There are a few ways to ensure your PowerShell functions don't cause damage. In this article, I'll focus on the -Confirm parameter, the $ConfirmPreference variable, and the ConfirmImpact argument.

Adam Bertram

Adam is a Microsoft Cloud and Datacenter Management Most Valuable Profressional (MVP) who specializes in Windows PowerShell. You can reach Adam at or on Twitter at @adbertram.

Let's say you're a US defense contractor and have a function called Invoke-NuclearMissleTest. Would you say this PowerShell script is important? Chances are, if the name accurately represents the contents of the function, you're going to treat this function with kid gloves. After all, if this function ran accidentally, World War 3 might break out. I think you'd agree that we should place some safeguards around this.

A typical IT professional's script is probably not going to start a world war. But I'm sure some of you out there have scripts that could cause some damage to production systems. If so, have you placed the necessary safeguards around those scripts to ensure they do not execute inappropriately? I myself have some horror stories, but we'll save those for a later time.

The -Confirm Parameter ^

Most PowerShell cmdlets incorporate Confirm functionality. When used, this forces PowerShell to prompt the user before performing an action. For example, stopping a process is a simple task with the Stop-Process cmdlet.

What if a script stops an important production process? You might want to include some safeguards around that. To do that, you could use the Confirm parameter on the Stop-Process command. The Confirm parameter forces all commands that have this functionality built in to prompt the user before performing any potentially destructive action.

Using the Confirm parameter

Using the Confirm parameter

$ConfirmPreference and ConfirmImpact ^

Notice now before stopping the process, it asks me if I'm sure. This is the standard Confirm functionality. Note that I mentioned that functions must have this functionality built in. For this to work, the cmdlet or advanced function must have the code to handle it. Luckily, we can make this happen in our advanced functions.

To understand more about how the Confirm functionality works under the covers, you first need to understand the built-in confirm levels in PowerShell. PowerShell has three confirm levels: High, Medium, and Low. The $ConfirmPreference automatic variable sets these levels.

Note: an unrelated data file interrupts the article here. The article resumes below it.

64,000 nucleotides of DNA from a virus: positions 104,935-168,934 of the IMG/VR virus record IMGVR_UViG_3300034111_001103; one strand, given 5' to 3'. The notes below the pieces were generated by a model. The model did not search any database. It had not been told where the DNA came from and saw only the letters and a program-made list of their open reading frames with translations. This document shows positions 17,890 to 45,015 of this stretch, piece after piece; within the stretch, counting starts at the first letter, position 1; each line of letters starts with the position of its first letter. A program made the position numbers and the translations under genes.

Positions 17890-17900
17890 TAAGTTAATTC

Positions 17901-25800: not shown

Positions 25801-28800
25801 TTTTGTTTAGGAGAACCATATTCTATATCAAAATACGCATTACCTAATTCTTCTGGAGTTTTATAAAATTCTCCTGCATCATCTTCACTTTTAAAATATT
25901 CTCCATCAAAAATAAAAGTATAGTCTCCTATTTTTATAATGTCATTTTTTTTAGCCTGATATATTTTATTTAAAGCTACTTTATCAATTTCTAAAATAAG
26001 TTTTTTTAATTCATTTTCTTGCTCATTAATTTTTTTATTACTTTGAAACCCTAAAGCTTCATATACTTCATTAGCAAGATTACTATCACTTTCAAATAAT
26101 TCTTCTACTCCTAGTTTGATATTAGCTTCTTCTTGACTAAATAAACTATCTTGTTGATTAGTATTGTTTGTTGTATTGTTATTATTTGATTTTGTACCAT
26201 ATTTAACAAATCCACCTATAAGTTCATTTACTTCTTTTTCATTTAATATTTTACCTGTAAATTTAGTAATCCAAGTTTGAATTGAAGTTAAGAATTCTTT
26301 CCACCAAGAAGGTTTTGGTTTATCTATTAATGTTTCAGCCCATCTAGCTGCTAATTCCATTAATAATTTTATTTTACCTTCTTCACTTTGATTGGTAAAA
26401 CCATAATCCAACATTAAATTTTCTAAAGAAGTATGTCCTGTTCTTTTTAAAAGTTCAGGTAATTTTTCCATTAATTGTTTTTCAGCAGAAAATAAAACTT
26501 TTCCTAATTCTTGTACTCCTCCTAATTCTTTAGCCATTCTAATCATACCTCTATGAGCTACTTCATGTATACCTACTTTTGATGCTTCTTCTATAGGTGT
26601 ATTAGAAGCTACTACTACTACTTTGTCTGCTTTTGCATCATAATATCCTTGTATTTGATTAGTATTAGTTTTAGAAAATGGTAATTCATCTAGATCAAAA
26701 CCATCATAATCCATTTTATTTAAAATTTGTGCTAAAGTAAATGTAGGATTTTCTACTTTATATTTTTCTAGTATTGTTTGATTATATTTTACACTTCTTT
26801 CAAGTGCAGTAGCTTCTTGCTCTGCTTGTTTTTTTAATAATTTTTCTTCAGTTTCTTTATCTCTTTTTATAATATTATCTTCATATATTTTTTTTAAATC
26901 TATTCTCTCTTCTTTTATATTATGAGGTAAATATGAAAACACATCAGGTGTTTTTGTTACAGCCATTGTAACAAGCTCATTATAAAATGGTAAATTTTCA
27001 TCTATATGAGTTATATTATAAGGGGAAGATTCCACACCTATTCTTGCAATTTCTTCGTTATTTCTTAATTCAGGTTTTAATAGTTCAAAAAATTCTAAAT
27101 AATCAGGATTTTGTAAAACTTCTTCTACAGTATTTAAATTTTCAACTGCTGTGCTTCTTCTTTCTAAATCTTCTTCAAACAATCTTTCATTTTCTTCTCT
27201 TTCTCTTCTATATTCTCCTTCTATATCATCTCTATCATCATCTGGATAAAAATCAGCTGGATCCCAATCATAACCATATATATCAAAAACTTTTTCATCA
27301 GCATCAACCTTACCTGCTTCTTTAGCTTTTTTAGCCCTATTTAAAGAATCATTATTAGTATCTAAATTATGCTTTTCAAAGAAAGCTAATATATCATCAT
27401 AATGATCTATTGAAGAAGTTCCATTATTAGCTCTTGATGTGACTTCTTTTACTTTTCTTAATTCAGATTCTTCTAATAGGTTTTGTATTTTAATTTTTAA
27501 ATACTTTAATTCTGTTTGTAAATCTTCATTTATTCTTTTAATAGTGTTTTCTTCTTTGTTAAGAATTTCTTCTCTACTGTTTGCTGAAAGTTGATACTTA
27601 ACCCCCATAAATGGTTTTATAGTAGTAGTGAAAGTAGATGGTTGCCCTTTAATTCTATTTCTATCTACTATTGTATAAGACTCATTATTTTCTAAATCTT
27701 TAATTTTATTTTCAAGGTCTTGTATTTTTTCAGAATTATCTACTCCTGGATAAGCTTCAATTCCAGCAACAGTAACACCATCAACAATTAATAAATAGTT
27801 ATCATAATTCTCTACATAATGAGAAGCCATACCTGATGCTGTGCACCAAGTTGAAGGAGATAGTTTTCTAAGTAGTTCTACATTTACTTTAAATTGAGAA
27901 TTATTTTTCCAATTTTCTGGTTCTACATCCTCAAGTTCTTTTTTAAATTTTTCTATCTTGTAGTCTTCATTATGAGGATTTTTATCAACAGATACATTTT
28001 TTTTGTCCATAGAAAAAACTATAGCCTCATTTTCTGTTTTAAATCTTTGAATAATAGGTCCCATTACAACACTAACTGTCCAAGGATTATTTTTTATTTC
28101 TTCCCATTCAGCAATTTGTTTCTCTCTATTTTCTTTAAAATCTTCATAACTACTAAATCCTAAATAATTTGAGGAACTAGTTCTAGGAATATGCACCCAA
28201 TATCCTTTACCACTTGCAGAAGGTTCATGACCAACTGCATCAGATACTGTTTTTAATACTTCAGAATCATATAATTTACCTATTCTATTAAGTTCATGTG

By default, PowerShell sets this variable to High. The level this is set at depends on what happens when calling a cmdlet or advanced function without using the Confirm parameter.

We can categorize each advanced function as having a specific ConfirmImpact level by using the ConfirmImpact keyword inside of the function. As you may have guessed, this can be High, Medium, or Low depending on how important it is to prompt the user. If $ConfirmPreference is set to the same or a higher level than the level in the function, PowerShell will prompt the user for confirmation.

Perhaps you've got a function that should prompt the user every time, but you're always forgetting to use the Confirm parameter. Setting the impact level in the function to High can achieve this.

Rhe SupportsShouldProcess argument, enable users to add the ‑Confirm parameter. The automatic variable $PScmdlet allows you to access properties and methods built in within all advanced functions. In the example, I use the ShouldProcess method that provides the confirmation functionality.

My function has a high Confirm severity. I'd like to prompt for confirmation all the time regardless of whether I choose -Confirm and regardless of how $ConfirmPreference is configured.

PowerShell function asks for confirmation

PowerShell function asks for confirmation

If the $ConfirmPreference value is set to be lower than the impact that my function has, it will automatically prompt the user.

For instance, if you set the ConfirmImpact level in your function to Medium, a confirmation prompt will only appear if $ConfirmPreference is set to Medium or Low. If $ConfirmPreference is set to High, this will only produce a prompt if the user adds the ‑Confirm parameter.

PowerShell's confirmation ability gives the scripter ultimate control over what commands to execute. If you're not using this already, try it out. You never know when one of those scripts of yours might execute accidentally and create an RGE (resume generating event).

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